2005 Survey Litter Health
The Litter Survey has typically involved the fewest number of responses, with only about 15% of the survey respondents turning in a Litter Survey form.. This was again the case in 2005 with only 73 respondents submitting a survey form at all. Keep in mind that the survey instructions indicated that only litters born during the two year period immediately preceding the survey date would be considered. The following data therefore clearly shows which litters have been included in the survey analysis.
Litter Survey Data:
Table 17 provides data on the distribution of puppies in those litters that met the eligibility criteria. The first portion addresses puppies by sex and coat color. The totals by sex show a nearly equal number of males and females. The coat colors showed a predominance of Black over the other colors. It should also be noted that all references to a black brindle, red brindle, etc. were recorded as brindle and not black.
Many respondents did not clearly understand how to handle the stillborn birth and post delivery death counts. If there was no other information on the survey, the data was recorded exactly as presented. However, there were several cases where the data was adjusted to fit the following guidelines. Sex and coat color numbers for each litter were recorded for all live births. Puppies that did not survive the birth process were counted as stillborn births. The number of puppies conceived and carried by the bitch during gestation would be the sum of these two numbers. On the other hand, if a puppy died after birth, but during the first 12 weeks of life, it should be included in the live birth counts. Using these definitions, there were 616 full term puppies delivered in the 158 eligible litters included in the survey. Of these 616 pups, 57 (or 9.2%) were delivered stillborn and could not be resuscitated. After delivery, there were 46 pups that died during the first 12 week period.
Table 18 goes into some details concerning the puppies that died within 12 weeks as well as the ones that were reported to have a disease or illness. The respondents did not always record a cause of death for each one, nor did they provide a complete list of illnesses. So the following table lists what appear to be the most prevalent answers.
2005 Survey Health and Disease Summary
Table 20 offers some summary information about the dogs included in the Health and Disease survey database. The first section shows the spread of coat colors across dogs and bitches. Noteworthy is that black is the most prevalent coat color and there are more bitches than dogs in the survey.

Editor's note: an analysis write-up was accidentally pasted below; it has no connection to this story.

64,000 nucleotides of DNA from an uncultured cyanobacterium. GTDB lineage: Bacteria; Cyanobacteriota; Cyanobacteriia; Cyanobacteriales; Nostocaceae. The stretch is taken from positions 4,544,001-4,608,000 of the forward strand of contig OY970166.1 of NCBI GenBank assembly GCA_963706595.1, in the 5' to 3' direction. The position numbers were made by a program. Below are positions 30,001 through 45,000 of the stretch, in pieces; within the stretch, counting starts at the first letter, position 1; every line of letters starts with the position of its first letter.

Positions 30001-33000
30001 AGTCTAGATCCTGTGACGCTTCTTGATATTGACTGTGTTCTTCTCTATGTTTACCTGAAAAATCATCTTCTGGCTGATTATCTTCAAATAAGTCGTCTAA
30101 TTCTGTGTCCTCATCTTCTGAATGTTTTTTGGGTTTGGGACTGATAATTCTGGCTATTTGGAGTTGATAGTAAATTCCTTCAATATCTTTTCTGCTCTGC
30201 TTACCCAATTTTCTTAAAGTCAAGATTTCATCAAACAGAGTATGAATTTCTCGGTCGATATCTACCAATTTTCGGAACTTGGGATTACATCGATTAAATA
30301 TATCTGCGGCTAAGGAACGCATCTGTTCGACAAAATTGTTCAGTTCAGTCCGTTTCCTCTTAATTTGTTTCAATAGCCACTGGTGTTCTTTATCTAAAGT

Table 20 also provides a summary of the number of healthy and diseased dogs by sex and their current living or deceased status. As can be seen, over 80% of the dogs in the database are still living. Over half of these living dogs were reported to have no health issues.
One of the major accomplishments of the 1995 Health Survey was to produce a listing of genetic traits and diseases and then use the survey data to help make a prediction of the frequency and carrier rates for each of these diseases. Table 21 offers a review of the 1995 data along with new numbers from the 2005 survey data. The 2005 survey data includes much more information, because this table lists only those diseases and genetic traits that showed up on both surveys.
Dr. George A. Padgett, DVM was the one that helped compile and calculate the original statistics. The data and his methods were based on the Hardy-Weinberg Law was also published in his book titled; Control of Canine Genetic Diseases. The data in table 21 is based on this same approach and provides very similar data.
The right hand column in Table 21 indicates how some of the carrier frequencies may have fluctuated up or down between the two surveys. Before anyone tries to put too much importance on these fluctuations in the numbers let me paraphrase a couple of comments from Dr. Padgett’s book.
Surveys are not accurate. Data is not always correct. Modes of inheritance are not always known. Hardy-Weinberg does not really apply. Guesstimates are not absolute numbers, They are just the best numbers we have today!
[Ed. The 1995 Survey report did not include an analysis of the formula used by Dr. Padgett to calculate his Guesstimate of Carrier Frequency values. However a plot of the data reveals the basis for his values and permits us to make new guesstimates based on the new data from the 2005 survey. Appendix 2 shows plots of the data from both surveys and confirms that they are both based on the same analysis.]
Table 22 offers some insight into the most frequently reported illnesses. The table lists any illness that had 20 or more occurrences in the database. You should ask, exactly how did all of the diseases that were reported get sorted? Many of the common diseases like TCC, Cushings and hypothyroid problems were pretty easy to identify and sort into these lists. But the data contained hundreds of alternative names, similar names and unrecognized names for reported illnesses.